7. ditto A_Brace_Of_Buns

    Separate military block at Selly Oak close to all the expert docs plus 5 or 6 Headley Courts round the country with a PTSD place.

    And lots more choppers.
     
  8. I got the same sort of thing in a reply to a letter I sent the defence sec.

    "The Government is committed to providing excellent medical care for the members of our armed forces. "Military hospitals" are no longer the best way to provide that care.

    The numbers of our Servicemen and women who require hospital treatment are relatively small. On a typical day, there are barely enough military in-patients in the UK to fill two wards of a major NHS hospital, irrespective of where they live or work, or of the severity or type of illness or injury. To bring together all the military patients in that way would be medically wrong. It would also mean that many of these patients and their families would have to travel long distances unnecessarily, when they can receive the appropriate care closer to home"

    That bit was exactly the same........


    I am discussed that they think we are so stupid as to believe this crap.... this government is trying to take us as total idiots that they can walk over, same with the EU constitution, not giving us a referendum.... saying that parliment will have the last say.... well that makes me totally sick as they will only follow the party line........ I don't know where this and past governments get off with thinking they can treat us like this..... makes me sick

    Duncan
     
  9. Almost spot on, Mr Jones. I was vociferous on the Econsultation and elsewhere on here with regard to precisely such concepts with, however, one exception.

    The Defence Medical Services already has 15 UK Departments of Community Psychiatry and overseas units in Cyprus and BFG, stocked to the gills with specialist staff trained to deal with PTSD. I know - I work in one.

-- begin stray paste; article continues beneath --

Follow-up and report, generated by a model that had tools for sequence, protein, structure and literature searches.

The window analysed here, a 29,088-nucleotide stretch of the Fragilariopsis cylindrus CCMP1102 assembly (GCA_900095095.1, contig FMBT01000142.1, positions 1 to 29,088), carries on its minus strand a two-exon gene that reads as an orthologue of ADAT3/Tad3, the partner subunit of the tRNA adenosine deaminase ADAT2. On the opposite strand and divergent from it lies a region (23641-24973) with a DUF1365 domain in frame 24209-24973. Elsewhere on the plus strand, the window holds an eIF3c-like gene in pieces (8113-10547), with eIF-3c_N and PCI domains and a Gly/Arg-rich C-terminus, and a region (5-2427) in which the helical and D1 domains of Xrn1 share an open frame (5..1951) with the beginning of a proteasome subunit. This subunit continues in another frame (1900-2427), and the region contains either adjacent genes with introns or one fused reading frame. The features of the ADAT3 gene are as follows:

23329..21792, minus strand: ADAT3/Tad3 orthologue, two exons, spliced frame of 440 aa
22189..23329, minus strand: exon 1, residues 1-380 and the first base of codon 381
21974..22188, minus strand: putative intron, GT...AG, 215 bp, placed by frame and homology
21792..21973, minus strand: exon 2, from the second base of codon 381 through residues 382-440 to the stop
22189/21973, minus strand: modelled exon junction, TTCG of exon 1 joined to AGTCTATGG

The only snag is most potential punters would rather keep quiet about their post-trauma difficulties whilst still serving, presumably for fear of career ending/impeding action, loss of face, embarrassment - whatever.

    Combat Stress are a good outfit - they should be as most of their key players are ex-military - but we would far rather people sought help while they were serving and gave us half a chance of sorting them out AND retaining them, than have people keep a lid on it while they make a beeline for civvy street, because once there a vocal minority atttract red-top headlines by claiming that the military did nothing for them.
     
  10. khakicrab wrote:

    yeah, that makes sense actually.
     
  11. cpunk

    cpunk LE Moderator

    Hmmm. Well the majority of patients in US Veterans' Administration hospitals are civilians: they've been discharged from the military but their government still recognises a particular duty of care.

    And of course, the closure of the military hospitals was based on the same monstrously over-optimistic planning assumptions that saw us cutting back the infantry below critical mass and scaling ourselves for one medium scale enduring operation. In other words, wishful thinking. So I call bullsh1t on this one.
     
  12. makes sense to me too, but why then has psychiatric care only been extended to those reserve forces mobilised from 2003 onwards, and not those with conditions related to earlier operations?
     
  13. hackle wrote:

    The devil is in the detail as always. That's what is so good about this forum.

    edit: also from the comments above seems like the PTSD issue needs to be (more?) pro-active.
     
  14. Hackle, check out the Medical Assessment Programme at St Thomas' Hosp (Google it).

    Run by Ian Palmer - retired RAMC colonel.

    The reservists programme you're referring to is TELIC 1 onwards. If we opened our doors to all veterans (personally, I'd love to, but...) we'd need 50 DCMHs and not 15!!
     
  15. Options for Change, tour after tour, low pay, little or no understanding from Civilian colleagues in MDHUs, MDHUs, disparity in pay in relation to our NHS colleagues........I'll stop there as it urines me off..... I now get more pay in the NHS being a lowly band 6 BMS than I did as a WO2 with 22 years under my belt :roll: .......and I hear they have scrapped the review into the disparity of the pay as well! :roll: